1. Don’t Miss Group Chats

 

Depending on the nature of the course you are taking, you might be required to participate in group chats, live discussions, or online lectures. Don’t underestimate the importance of these, and don’t skip them.

 

Because of the nature of online learning, it’s very difficult to catch up after you have missed out on important discussions. You might also find that instructors are much less likely to excuse missing a class that doesn’t require that you leave your home.

 

  1. Schedule Enough Time

 

Many students make the mistake of underestimating the amount of time they will need to dedicate to each online class that they take. This is largely because there is a bit of a perception that online courses are easier than their on campus counterparts.

 

The truth is, you will need to put in just as much time, and in some cases more. Here are a few suggestions for calculating the amount of study time you should plan on for an online course.

  1. Use Technology And Online Resources to Help You Succeed

 

Here is some good news! There are a huge number of websites, apps, and other tech based solutions that you can use to ensure you complete your online courses successfully. Here are just a few that many students use:

 

  • Evernote: For taking and organizing notes, sharing with others, and organizing projects.
  • Google Docs: A free alternative for MS Office and other that is accessible anywhere.
  • Review: review of the most popular services by customers
  • Khan Academy: Online learning to help you master a variety of subjects
  • StudyBlue Flashcards: Enhance your studying by creating sets of flashcards

 

  1. Find a Comfortable Place to Work

 

Before classes begin, try to identify a couple of places where you can comfortably work. Your environment should be physically comfortable and well lit. You’ll also want to make sure that you can feel comfortable participating fully in your class.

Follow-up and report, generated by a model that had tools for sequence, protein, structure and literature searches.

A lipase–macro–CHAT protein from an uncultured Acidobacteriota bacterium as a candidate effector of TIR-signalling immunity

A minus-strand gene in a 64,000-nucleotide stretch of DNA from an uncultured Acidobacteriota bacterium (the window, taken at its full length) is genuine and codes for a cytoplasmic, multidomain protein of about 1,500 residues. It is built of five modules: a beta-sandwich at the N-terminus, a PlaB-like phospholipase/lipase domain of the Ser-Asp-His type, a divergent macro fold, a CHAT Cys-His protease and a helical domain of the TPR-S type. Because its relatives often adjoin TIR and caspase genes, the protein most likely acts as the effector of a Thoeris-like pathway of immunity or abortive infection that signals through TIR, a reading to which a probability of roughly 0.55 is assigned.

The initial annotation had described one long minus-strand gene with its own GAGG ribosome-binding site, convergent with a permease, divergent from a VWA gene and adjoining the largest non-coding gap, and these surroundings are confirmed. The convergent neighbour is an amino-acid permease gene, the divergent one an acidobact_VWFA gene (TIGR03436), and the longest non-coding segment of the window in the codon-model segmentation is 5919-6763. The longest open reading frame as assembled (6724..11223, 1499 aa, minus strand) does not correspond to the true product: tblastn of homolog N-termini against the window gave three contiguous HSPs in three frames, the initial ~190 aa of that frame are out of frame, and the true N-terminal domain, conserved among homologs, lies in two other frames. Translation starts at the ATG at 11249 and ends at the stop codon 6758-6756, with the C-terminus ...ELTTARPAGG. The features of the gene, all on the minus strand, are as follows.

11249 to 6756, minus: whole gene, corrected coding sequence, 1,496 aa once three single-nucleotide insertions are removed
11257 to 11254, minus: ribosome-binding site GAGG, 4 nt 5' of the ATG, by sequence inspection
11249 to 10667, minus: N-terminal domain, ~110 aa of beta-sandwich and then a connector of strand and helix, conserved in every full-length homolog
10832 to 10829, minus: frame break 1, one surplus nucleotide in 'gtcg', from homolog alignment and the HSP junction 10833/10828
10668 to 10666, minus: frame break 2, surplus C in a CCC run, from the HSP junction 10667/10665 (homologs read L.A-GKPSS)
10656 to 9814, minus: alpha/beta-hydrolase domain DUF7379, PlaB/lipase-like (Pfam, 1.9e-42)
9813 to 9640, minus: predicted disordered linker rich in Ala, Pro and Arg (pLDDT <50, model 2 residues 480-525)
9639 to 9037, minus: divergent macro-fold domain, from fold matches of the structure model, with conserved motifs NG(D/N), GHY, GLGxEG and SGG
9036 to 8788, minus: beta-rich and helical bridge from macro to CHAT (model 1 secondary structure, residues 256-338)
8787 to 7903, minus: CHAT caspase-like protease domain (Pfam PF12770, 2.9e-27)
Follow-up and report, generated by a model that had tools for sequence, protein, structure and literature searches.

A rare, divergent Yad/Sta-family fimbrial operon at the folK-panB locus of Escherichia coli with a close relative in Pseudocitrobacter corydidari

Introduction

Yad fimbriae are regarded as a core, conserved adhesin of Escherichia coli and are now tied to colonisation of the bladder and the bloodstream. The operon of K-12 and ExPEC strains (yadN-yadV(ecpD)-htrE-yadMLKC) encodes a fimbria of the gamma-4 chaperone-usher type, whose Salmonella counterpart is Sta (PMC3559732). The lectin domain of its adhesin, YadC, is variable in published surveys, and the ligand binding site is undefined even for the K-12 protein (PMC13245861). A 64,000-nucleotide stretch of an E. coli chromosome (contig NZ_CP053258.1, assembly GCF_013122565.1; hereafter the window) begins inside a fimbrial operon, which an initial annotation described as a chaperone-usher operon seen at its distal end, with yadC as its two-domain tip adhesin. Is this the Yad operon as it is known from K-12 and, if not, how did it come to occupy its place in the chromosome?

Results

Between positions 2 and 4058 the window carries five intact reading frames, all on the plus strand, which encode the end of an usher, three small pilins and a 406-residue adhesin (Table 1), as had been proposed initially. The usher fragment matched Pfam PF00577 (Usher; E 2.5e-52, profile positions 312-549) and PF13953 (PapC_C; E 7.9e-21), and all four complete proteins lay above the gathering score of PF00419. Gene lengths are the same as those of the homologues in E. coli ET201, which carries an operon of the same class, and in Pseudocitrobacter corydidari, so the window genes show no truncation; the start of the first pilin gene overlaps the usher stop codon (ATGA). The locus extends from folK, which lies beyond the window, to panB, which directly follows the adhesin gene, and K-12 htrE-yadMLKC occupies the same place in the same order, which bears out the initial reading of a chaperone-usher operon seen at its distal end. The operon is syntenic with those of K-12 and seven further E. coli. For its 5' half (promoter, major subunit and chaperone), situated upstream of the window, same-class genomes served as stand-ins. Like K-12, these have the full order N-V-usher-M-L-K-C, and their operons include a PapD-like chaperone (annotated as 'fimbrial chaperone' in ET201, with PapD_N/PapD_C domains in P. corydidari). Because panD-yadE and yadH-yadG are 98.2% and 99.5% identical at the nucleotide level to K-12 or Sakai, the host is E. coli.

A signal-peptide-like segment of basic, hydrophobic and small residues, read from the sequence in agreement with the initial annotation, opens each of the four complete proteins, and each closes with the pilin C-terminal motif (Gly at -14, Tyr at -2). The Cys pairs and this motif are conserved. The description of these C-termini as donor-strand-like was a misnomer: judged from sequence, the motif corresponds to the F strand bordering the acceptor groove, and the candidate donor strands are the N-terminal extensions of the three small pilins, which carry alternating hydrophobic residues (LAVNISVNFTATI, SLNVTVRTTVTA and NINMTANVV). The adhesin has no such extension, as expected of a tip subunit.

For example, the coffee shop down the street might be perfect for working on homework and doing research. However, it might not be the best place to take a class that involves video conferencing.

 

  1. Remember That Office Hours Are For You as Well

 

Keep your instructor’s contact information on hand, and jot down their office hours. If you have questions, or simply want to introduce yourself, call or send an email. The fact that you may not ever meet your instructor in person does not mean that they aren’t willing to help you outside of class.

 

  1. Get Help When You Need It

 

Another one of the dangers of taking online classes is that it’s easy to convince yourself that you can catch up when you fall behind, or that you will eventually understand a topic that is difficult for you. When that happens, you might need more help than you can get on campus.

 

Hiring a tutor is always an option. You could even consider joining or creating a study group. If things get too difficult, you may find that it is your writing assignments that are holding you back. Fortunately, there are services that help you polish up your writing with editing, proofreading, and other help. If you use this option, do your research.

 

  1. Take Some Time to Get Familiar With The Tools And Websites You’ll be Using

 

Before you can begin your class, you may be required to take some of the following steps:

 

  • Create an Online Account
  • Download Materials
  • Install Software or an App
  • Learn to Navigate a New Website

 

Don’t make the mistake of waiting until the night before or the morning your new class begins to do all of this. Make sure that you get this done ahead of time so that you can identify any issues. If you wait until the last minute, university tech support may not be able to help you in time to get started on your first day.

 

  1. Consider Taking a Mix of Online And on Campus Courses